ACA Woking News by Paul Holden, PRO

17 February 2004


Don Gannon with his fuel planning graph
and route map.
Don Gannon
The well-attended February meeting of the Woking Branch of the Aircrew Association enjoyed a fascinating talk by ex-RAF navigator Don Gannon, who took part in the 1953 UK to New Zealand Air Race.

The race was the idea of a group of NZ businessmen who wanted to promote New Zealand trade and tourism. They offered a prize for winning the race in under 24 hours. The idea caught the imagination of a number of countries, including the UK, and an official Royal Air Force entry was given considerable resources to train and prepare.

The prototype Canberra PR3
Canberra PR3
Don Gannon was a senior navigator on reconnaissance Canberra aircraft, which had longer range than their bomber counterparts at that time. During proving trials, he developed a graphical method for optimising speed and height to fly for maximum range or least time en route. It was natural, therefore, that he was selected to navigate one of the RAF's entries.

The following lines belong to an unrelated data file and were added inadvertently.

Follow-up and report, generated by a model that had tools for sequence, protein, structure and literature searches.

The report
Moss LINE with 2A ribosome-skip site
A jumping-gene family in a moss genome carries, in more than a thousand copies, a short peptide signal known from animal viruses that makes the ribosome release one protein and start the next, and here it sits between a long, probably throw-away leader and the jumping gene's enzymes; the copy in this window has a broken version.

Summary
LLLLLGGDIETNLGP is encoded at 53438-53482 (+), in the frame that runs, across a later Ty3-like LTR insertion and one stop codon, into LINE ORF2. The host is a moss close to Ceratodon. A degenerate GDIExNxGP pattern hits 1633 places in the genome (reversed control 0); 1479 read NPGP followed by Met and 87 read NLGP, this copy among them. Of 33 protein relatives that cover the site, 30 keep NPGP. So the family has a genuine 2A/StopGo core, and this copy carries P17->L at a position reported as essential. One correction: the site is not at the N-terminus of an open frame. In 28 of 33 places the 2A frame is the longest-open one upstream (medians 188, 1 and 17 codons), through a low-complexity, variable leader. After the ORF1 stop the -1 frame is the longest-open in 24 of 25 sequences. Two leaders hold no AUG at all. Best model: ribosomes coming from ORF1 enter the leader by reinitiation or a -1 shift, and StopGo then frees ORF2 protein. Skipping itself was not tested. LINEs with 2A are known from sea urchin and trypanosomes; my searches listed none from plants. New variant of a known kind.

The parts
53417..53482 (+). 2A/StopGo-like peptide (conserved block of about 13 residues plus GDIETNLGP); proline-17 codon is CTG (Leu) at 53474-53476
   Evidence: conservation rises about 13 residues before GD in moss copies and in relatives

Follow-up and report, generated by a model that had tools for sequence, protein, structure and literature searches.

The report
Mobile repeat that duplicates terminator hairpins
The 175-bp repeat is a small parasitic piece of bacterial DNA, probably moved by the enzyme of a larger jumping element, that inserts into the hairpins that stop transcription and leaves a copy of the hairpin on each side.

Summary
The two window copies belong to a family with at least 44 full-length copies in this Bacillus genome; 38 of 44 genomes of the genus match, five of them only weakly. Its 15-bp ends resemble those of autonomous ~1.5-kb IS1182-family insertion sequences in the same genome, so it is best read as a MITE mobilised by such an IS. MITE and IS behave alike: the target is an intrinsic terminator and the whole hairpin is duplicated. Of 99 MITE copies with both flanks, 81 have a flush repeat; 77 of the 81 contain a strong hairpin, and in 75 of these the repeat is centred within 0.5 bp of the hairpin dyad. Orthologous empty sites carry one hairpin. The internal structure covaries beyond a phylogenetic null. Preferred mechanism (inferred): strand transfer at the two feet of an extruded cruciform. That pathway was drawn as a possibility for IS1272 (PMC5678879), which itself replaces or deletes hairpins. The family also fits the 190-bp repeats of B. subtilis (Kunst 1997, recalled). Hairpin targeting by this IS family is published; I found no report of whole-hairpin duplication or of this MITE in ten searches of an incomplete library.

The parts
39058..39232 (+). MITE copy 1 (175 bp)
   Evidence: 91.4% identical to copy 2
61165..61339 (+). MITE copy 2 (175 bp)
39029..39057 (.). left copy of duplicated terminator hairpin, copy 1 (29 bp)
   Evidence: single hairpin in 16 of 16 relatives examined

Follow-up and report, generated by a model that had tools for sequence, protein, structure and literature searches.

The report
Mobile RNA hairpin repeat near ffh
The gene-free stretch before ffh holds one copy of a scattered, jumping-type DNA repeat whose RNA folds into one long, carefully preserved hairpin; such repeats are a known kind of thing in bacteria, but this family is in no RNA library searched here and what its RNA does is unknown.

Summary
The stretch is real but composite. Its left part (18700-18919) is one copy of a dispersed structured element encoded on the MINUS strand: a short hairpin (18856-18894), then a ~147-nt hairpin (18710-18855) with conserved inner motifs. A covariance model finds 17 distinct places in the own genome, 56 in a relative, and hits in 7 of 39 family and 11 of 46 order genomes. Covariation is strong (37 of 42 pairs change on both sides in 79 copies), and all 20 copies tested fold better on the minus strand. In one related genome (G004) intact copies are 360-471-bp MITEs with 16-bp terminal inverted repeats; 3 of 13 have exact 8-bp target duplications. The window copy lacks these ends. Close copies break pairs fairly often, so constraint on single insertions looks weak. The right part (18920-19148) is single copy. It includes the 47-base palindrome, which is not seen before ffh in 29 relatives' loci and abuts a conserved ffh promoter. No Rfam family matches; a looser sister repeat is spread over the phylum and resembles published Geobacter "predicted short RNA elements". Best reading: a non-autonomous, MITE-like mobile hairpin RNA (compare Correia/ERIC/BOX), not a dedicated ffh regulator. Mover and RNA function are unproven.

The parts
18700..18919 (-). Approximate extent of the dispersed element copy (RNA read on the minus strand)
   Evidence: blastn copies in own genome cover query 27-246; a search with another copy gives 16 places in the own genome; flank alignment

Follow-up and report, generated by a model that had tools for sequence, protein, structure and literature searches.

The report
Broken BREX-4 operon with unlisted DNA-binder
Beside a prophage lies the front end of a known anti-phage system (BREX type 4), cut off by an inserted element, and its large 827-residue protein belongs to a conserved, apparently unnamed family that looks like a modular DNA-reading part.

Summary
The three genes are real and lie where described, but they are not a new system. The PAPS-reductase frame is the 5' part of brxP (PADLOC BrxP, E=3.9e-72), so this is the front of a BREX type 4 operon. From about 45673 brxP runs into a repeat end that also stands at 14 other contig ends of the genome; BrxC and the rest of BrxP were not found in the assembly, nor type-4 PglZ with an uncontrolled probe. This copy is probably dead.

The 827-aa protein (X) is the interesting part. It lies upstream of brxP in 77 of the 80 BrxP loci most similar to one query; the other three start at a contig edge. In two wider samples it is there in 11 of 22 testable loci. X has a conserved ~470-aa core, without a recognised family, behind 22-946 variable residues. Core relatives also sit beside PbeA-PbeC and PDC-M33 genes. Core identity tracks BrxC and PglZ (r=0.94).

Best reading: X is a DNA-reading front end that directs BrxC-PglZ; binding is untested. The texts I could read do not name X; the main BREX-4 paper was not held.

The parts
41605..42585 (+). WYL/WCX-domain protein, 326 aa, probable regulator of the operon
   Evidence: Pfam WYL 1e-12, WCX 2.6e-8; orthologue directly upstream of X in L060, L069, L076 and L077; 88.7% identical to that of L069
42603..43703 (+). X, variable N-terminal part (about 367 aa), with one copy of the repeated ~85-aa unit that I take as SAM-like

After careful planning and extensive proving and training flights, the race entrants assembled at Heathrow in early October 1953. It seemed most likely that the winner would either be from UK or Australia - flying Canberras of varying types.

London-Basra record certificate.
Don's aircraft captured the London-Basra record on its first leg, but then had technical problems which delayed departure. A refuelling problem left them with less fuel than expected for the next leg, but Don's graphical planning aid saved the day and they managed a good time despite the setback. As they refuelled again in Perth, they had one Australian Canberra ahead of them on a more direct route through Woomera. However, as they flew past Woomera on their final leg, they heard on the radio that this aircraft had suffered an undercarriage collapse and could go no further.

UK-NZ record certificate
Don's aircraft was the first to land at Christchurch in dreadful weather after a very good radar talkdown from Air Traffic Control. However, since they were not the last to leave London, they had to wait some time before it was confirmed that they had won the race. Their time of 23 hours 50 minutes 42 seconds was under the magical 24 hours and they duly claimed the prize.

Report by David Jackson vice absent PRO

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